NBA Draft Thoughts From a College Perspective

Posted by rtmsf on June 27th, 2011

The NBA Draft has come and gone with one of the most boring evenings in its televised history.  Maybe it was the arena setting, maybe it was the lack of marquee names, maybe it was the fact that none of the draftees wore anything particularly ridiculous, but the league’s capstone summer event was so uninspiring that even Bill Simmons’ usually-hilarious draft diary felt trite and mailed in.  Still, the draft represents to every major college basketball player the culmination of a lifelong dream to hear one’s name called by David Stern, and it’s worth a quick reflection on how things went last Thursday for many of the players we’ve been watching and tracking for years.

The 1-and-Dones Did Well in This Year's Draft (AP)

The 1-and-Dones.  Generally speaking, the NBA Draft went well for the seven 1-and-done players who declared after their freshman season.  Excluding Enes Kanter, who never played a minute at Kentucky, from the discussion, six of the seven players who left school after one season were drafted, and five of those went in the first round.  Duke’s Kyrie Irving, Texas’ Tristan Thompson and Cory Joseph, Kentucky’s Brandon Knight, and Tennessee’s Tobias Harris were chosen in the first thirty selections, while Kansas’ Josh Selby was taken in the next thirty picks.  The lone holdout was Illinois’ Jereme Richmond, a player who clearly had a much higher opinion of himself than did NBA general managers (although if you listen to his uncle, delusions of grandeur may extend beyond Richmond to his extended family).  Whether any of the others are “ready” for the NBA is an irrelevant notion in this day and age, but seeing Thompson jumping up to the #4 selection despite not being able to shoot the ball, and Joseph going at #29 despite averaging only 10.4 PPG as a “scorer” has us raising our eyebrows.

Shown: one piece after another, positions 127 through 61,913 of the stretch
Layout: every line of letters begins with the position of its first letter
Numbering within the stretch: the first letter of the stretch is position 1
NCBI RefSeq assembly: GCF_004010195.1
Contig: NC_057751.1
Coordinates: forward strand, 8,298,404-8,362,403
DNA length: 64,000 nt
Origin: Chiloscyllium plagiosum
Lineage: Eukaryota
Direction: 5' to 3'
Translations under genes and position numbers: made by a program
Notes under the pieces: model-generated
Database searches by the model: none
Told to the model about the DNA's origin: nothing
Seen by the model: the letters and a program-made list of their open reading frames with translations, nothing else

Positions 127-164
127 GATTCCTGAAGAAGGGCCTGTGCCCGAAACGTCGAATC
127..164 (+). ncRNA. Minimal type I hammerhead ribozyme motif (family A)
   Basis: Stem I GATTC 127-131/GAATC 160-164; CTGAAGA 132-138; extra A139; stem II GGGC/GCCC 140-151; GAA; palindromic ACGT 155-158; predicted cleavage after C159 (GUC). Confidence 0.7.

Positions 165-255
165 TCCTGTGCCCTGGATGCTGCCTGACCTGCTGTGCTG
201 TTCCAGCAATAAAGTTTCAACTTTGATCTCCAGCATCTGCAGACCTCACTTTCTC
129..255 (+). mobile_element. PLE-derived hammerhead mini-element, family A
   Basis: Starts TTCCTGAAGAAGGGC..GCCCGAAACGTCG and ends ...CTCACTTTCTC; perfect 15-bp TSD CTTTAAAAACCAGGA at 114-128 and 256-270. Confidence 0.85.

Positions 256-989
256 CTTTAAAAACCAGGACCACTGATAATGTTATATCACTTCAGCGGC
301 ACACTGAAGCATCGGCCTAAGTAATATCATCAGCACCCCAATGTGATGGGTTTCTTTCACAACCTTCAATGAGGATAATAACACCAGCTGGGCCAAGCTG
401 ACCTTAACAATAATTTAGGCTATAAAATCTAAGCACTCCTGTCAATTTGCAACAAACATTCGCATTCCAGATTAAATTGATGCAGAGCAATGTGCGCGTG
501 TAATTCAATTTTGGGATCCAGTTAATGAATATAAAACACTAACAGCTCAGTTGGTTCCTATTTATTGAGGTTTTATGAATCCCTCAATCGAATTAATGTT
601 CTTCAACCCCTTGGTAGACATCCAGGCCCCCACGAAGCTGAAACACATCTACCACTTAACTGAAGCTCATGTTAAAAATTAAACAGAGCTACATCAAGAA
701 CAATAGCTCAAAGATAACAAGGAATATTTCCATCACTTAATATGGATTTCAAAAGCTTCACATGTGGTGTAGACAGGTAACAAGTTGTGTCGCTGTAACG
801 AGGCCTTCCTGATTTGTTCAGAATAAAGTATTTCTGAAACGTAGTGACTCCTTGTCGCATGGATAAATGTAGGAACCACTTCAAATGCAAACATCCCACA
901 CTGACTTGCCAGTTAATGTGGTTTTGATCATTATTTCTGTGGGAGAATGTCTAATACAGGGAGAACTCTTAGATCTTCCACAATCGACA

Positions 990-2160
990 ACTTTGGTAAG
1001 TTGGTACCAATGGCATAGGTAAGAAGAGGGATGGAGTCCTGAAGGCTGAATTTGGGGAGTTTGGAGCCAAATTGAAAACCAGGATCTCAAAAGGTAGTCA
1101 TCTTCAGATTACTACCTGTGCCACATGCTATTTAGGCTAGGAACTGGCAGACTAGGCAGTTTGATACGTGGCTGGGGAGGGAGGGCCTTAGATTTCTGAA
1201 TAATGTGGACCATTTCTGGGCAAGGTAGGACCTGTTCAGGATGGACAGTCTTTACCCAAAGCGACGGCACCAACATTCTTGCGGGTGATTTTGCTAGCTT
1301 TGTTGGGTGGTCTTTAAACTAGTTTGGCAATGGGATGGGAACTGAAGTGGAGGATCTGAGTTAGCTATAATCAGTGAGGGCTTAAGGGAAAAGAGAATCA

Sneaking Into the First Round... Not Exactly.  We heard time and time again in April that the impetus behind numerous marginal players deciding to enter the NBA Draft this year was because players like Harrison Barnes, Jared Sullinger, Perry Jones and Terrence Jones were not coming out.  The logic was that their staying in school opened up more first round spots for lesser talents, a statement certainly true in theory but in no way a sane justification for a dozen additional players to declare for the draft.  Four doesn’t equal twelve the last time we checked.  Interestingly, three of the four beneficiaries to earn guaranteed first round money were college seniors: Purdue’s JaJuan Johnson, Cleveland State’s Norris Cole, and Marquette’s Jimmy Butler (Texas freshman Cory Joseph was the fourth player to benefit).  As for the players who came out early in an attempt to sneak into the first round of this year’s weaker draft, it didn’t really work out for them.  We’re looking at second rounders like Shelvin Mack (Butler), Jordan Williams (Maryland), Trey Thompkins (Georgia), Darius Morris (Michigan), Malcolm Lee (UCLA), Travis Leslie (Georgia), DeAndre Liggins (Kentucky), and Isaiah Thomas (Washington), as well as undrafted guys like Scotty Hopson (Tennessee), Jeremy Green (Stanford), Terrence Jennings (Louisville), Greg Smith (Fresno State) and Carleton Scott (Notre Dame).  What’s going to be awesome is in future years when underclassmen have roughly two weeks to gauge their draft prospects before having to commit to the draft or heading back to school — we’re sure this will result in nothing but great decisions.

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Conference Report Card: Big Ten

Posted by Brian Goodman on April 13th, 2011


John Templon is the RTC correspondent for the Big Ten conference. We will be publishing a series of conference report cards over the next week for conferences that got multiple NCAA bids to recap the conference, grade the teams, and look at the future for the conference.

Conference Recap